By Melissa Luz T. Lopez,
SUSTAINED DEMAND for week-long term deposits drove yields even lower yesterday, although the central bank still opted to keep the month-long instruments off the market next week.
Banks wanted to place as much as P125.564 billion under the term deposit facility (TDF) on Wednesday, more than triple the P40 billion which the Bangko Sentral ng Pilipinas (BSP) placed on the auction block. These bids steadied from the P127.119-billion offers received a week ago.
As a result, the average interest rate on these seven-day instruments slipped further to 3.028% from the 3.2223% fetched during the Jan. 10 auction. Banks sought returns from a narrow spread of 2.9375% to 3.1%, the central bank said yesterday.
The TDF is currently the central bank’s main tool to shore up excess funds in the financial system. The window allows banks to park the idle cash they hold under the BSP in exchange for a small margin, which is determined through weekly bids hosted by the central bank.
BSP Deputy Governor Diwa C. Guinigundo said they are allowing funds to “flow back” into the banking system coming from seemingly tighter liquidity conditions observed in December, as they kept the weekly offerings limited to the seven-day tenor for the fifth straight week.
“Funds absorbed by retail Treasury bonds actually end up with BSP and subsequently withdrawn by national government for financing their current operations and capital spending. That means funds go back to the banks when suppliers and creditors are paid by national government,” the central bank official clarified.
Mr. Guinigundo added that funds handed out as loans as well as cash withdrawn during the holiday season are also returning to the banks by way of payments and deposits, which armed lenders with more excess cash which they now place under the TDF.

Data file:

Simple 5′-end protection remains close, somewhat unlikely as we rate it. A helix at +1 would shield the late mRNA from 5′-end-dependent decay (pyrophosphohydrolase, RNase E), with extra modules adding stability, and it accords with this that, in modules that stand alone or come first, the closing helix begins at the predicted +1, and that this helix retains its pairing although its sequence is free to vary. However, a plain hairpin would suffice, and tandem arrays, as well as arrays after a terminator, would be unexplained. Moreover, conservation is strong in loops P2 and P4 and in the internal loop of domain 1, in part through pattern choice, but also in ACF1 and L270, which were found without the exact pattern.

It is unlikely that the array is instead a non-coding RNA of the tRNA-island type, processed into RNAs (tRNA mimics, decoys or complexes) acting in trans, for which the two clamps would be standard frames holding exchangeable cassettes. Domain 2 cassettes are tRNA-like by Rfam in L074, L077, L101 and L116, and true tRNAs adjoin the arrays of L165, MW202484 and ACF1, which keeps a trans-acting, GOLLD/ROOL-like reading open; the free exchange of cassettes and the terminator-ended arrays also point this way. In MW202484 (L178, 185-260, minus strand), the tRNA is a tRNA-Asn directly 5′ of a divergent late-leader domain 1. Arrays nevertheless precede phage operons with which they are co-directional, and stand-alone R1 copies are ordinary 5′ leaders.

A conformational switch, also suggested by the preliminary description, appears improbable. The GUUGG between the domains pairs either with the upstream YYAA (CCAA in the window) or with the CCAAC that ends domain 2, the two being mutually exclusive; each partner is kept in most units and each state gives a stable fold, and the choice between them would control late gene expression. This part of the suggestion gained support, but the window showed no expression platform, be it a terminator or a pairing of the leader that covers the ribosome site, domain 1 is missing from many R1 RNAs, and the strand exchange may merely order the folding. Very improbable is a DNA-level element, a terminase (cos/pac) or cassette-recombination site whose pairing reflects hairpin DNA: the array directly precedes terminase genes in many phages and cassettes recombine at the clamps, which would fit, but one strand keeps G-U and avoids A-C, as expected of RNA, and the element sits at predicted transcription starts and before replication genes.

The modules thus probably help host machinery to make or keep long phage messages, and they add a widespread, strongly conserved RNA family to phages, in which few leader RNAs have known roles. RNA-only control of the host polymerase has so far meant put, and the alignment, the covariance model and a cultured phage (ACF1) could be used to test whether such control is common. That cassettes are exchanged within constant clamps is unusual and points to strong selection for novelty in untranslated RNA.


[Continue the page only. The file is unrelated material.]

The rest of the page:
Despite this, the central bank will only offer P40 billion worth of week-long term deposits next Wednesday.
“Once the process is assessed to have regularized, we shall recalibrate our offerings in order to ensure that liquidity levels remain appropriately available,” Mr. Guinigundo said.
The BSP stopped offering 28-day term deposits on Dec. 20 as market players preferred the shorter instrument over the Christmas season, which seasonally sees stronger demand for cash among depositors.
Mr. Guinigundo has said they will consider restoring the 28-day tenor in due time and possibly offer a new term which would be longer than a week but shorter than a month, in response to market demand.
BSP Governor Nestor A. Espenilla, Jr. said separately that the central bank is closely monitoring liquidity conditions as they search for an opportunity to reduce the 20% reserve requirement imposed on big banks.
“We want to substitute reserve requirements with open market instruments without necessarily increasing liquidity,” Mr. Espenilla told reporters on Tuesday, as he noted that money supply is “coming back” to the financial system.